I’m now about to publish book 4 of the series this November and am working on a novella for the series that I am considering book 4.5 as it is not a full length novel, but a very important part of the series that will then lead into book 5. I have no plans on ending the series unless I feel the story becomes lacking. I don’t want to end it on a fading note but instead a high note. So far, I’m far too invested in the characters to let go just yet! I do have several projects on the horizon though. I’m now writing short stories for my friend Paul J McSorley’s horror podcast named-Fear from the Heartland. It is an exclusive show from Chilling Tales for Dark Nights. These podcasts run weekly and Paul has named me a major contributor and so far I have had three stories produced and a special Halloween story named Welcome To Helltown will air October 30, 2021 just before Halloween. Paul also narrates all my books from the Mason Jar Series that are sold on Audible.com. He is a fabulous voice and wonderfully talented friend who is married to a fantastic musical genius that has done the music for my series. She also produces the Fear from the Heartland show that Paul hosts and narrates for.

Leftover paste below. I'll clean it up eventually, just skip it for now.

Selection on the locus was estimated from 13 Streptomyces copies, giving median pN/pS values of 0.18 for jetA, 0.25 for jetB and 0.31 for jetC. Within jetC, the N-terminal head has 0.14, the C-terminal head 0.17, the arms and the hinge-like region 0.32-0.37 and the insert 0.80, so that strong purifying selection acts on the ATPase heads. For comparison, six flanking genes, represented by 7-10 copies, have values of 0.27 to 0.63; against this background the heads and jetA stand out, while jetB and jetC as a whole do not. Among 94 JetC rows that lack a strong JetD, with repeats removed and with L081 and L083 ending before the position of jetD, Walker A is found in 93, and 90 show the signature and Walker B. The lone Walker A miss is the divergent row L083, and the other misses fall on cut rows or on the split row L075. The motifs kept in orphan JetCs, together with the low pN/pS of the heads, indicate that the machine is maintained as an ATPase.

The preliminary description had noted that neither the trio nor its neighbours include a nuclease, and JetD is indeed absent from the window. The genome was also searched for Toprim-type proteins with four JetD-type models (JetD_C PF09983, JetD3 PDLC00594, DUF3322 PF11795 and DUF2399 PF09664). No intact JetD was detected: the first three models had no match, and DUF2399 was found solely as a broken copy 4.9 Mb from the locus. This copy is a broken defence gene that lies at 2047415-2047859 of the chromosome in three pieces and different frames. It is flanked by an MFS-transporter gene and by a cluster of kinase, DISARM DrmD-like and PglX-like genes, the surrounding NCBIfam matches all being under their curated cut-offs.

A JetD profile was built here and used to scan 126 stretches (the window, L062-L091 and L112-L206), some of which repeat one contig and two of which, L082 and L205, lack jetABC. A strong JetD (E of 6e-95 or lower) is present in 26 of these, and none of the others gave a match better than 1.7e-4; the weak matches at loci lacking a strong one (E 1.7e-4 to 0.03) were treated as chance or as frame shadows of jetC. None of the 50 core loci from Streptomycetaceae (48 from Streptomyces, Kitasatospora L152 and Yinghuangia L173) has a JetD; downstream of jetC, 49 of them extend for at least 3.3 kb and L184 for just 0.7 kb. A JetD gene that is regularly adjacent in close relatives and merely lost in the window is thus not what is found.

It seems what was needed to re-stir and motivate me to write…was a sister to beat me to the punchline and publish a novel, showing it was indeed an achievable bucket list challenge and a near tragedy to get my blood pumping. Thank God for both my sister’s motivation and God sparing my son’s life. He still gives me a hard time for killing him off within the first pages of my first novel, even though he is NOT Jason, the main character’s son in that first written manuscript that got me rolling.